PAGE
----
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The Broad

This private collection sheds new light on downtown L.A.’s museum scene

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What began as one couple’s small collection of postwar and contemporary art is now a treasure trove of more than 2,000 pieces, housed in an architectural stunner in downtown Los Angeles.

Eli and Edythe Broad (rhymes with “road”) have been involved in the Los Angeles art community since they arrived here in 1963. Eli—the founding chairman of the Museum of Contemporary Art (MoCA) from 1979 to 1984—is the only person to have built two Fortune 500 companies in different industries (homebuilding and insurance). In August 2010, the Broads announced plans to finance their own contemporary art museum, located on Grand Avenue, across the street from MoCA and one block away from the Frank Gehry–designed Walt Disney Concert Hall. They wanted access to be free, “so that affordability isn’t a criteria to see the art,” said Eli Broad. “Edye and I have been deeply moved by contemporary art and believe it inspires creativity and provokes lively conversations.”

The museum exterior is provocative in itself. Architecture firm Diller Scofidio + Renfro—known for designing Boston’s Institute of Contemporary Art and renovating New York City’s Lincoln Center—created the gallery space, dubbed “the vault,” with a honeycomb-like “veil” exterior that lets natural light flow inside. While some museums are dimly lit or bathed in artificial light, the high-ceilinged Broad lets sunlight come in from all sides, creating a clean, crisp ambience.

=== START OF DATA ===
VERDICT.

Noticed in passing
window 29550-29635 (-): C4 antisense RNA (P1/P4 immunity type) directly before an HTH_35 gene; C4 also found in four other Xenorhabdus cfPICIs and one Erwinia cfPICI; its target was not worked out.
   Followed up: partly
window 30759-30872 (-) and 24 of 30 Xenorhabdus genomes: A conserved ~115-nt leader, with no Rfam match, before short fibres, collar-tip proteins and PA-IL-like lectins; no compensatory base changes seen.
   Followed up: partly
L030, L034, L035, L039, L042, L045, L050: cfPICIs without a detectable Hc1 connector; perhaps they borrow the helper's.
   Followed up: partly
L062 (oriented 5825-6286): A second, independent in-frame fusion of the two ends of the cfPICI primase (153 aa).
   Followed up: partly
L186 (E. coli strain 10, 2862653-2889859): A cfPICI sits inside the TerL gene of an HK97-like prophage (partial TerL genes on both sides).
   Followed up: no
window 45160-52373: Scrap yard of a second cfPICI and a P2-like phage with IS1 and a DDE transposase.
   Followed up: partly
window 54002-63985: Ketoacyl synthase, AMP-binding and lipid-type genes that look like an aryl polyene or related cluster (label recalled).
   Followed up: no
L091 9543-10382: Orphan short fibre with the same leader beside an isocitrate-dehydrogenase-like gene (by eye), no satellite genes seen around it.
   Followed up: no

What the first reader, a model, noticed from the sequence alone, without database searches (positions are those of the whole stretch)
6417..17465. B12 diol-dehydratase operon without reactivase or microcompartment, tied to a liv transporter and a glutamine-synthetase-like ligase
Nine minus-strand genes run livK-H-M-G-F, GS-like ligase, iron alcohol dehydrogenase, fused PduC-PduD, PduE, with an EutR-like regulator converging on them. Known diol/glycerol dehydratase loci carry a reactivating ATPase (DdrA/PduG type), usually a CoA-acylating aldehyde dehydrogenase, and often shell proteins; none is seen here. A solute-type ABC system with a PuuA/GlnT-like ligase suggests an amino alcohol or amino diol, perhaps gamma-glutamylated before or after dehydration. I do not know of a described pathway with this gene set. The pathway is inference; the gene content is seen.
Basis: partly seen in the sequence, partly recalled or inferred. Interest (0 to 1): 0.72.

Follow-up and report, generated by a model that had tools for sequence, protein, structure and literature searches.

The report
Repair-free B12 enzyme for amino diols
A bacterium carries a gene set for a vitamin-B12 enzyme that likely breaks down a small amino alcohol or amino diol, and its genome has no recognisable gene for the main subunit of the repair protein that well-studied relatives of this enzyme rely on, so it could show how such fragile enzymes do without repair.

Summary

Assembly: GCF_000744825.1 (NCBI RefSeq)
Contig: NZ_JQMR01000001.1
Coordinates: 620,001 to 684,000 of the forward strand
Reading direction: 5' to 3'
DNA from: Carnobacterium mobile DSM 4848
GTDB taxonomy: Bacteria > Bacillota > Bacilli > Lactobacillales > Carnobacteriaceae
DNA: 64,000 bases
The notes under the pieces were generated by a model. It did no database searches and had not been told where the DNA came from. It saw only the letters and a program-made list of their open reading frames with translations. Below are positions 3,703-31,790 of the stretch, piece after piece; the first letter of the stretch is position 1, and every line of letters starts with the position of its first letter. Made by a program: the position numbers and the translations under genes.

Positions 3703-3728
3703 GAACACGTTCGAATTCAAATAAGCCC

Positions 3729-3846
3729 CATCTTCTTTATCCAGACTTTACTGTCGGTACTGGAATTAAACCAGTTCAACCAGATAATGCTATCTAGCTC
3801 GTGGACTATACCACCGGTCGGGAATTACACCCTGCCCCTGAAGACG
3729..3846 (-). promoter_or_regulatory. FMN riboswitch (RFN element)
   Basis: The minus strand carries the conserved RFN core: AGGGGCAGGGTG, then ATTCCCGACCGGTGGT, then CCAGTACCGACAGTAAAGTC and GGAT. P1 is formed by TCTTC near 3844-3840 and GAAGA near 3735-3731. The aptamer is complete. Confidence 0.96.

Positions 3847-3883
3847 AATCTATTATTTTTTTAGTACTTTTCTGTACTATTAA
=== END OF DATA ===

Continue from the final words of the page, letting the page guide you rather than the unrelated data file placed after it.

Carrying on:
The “veil” of The Broad lets sunlight come in from all sides, creating a clean, crisp ambience.

When it opened in September 2015, the Broad was an immediate hit—so while admission is free, you still need a ticket for your specific day and time, which can be ordered in advance online. Once inside, make your way to Yayoi Kusama’s Infinity Mirrored Room, a mirror-lined chamber with a seemingly endless LED light display. You provide your name and phone number and you’ll get two text messages alerting you when you should return. Once inside—you can go in alone or as a pair for 45 seconds—look in every direction to see how many copies of yourself you can see. It feels like you're in the middle of a Vegas show, or a parade of lights.

While you wait for your turn in the Infinity Mirrored Room, take the escalator upstairs to the third floor, so that you can navigate the museum in chronological order. Begin with the major artists who came to prominence in the 1950s, including Jasper Johns, Robert Rauschenberg, and Cy Twombly. Then move into the 1960s and the Pop art of Roy Lichtenstein, Ed Ruscha, and Andy Warhol, followed by the 1980s and ’90s with Jean-Michel Basquiat, Keith Haring, Damien Hirst, and Jeff Koons. When you return downstairs, complete your visit with the museum’s rotating exhibits, and make time for the interesting short film about the Broads in the first-floor video gallery.

For some refueling afterward, sit down for contemporary cuisine at restaurant Otium, across the outdoor plaza from the museum, or explore the food stalls of the Grand Central Market, which is about a 10-minute walk away.

Insider Tip: If the timed tickets “sell” out on the day you want to go, you can still wait in the standby line. That typically takes at least 30 minutes during the week, and an hour or more on weekends. The museum is closed on Mondays.

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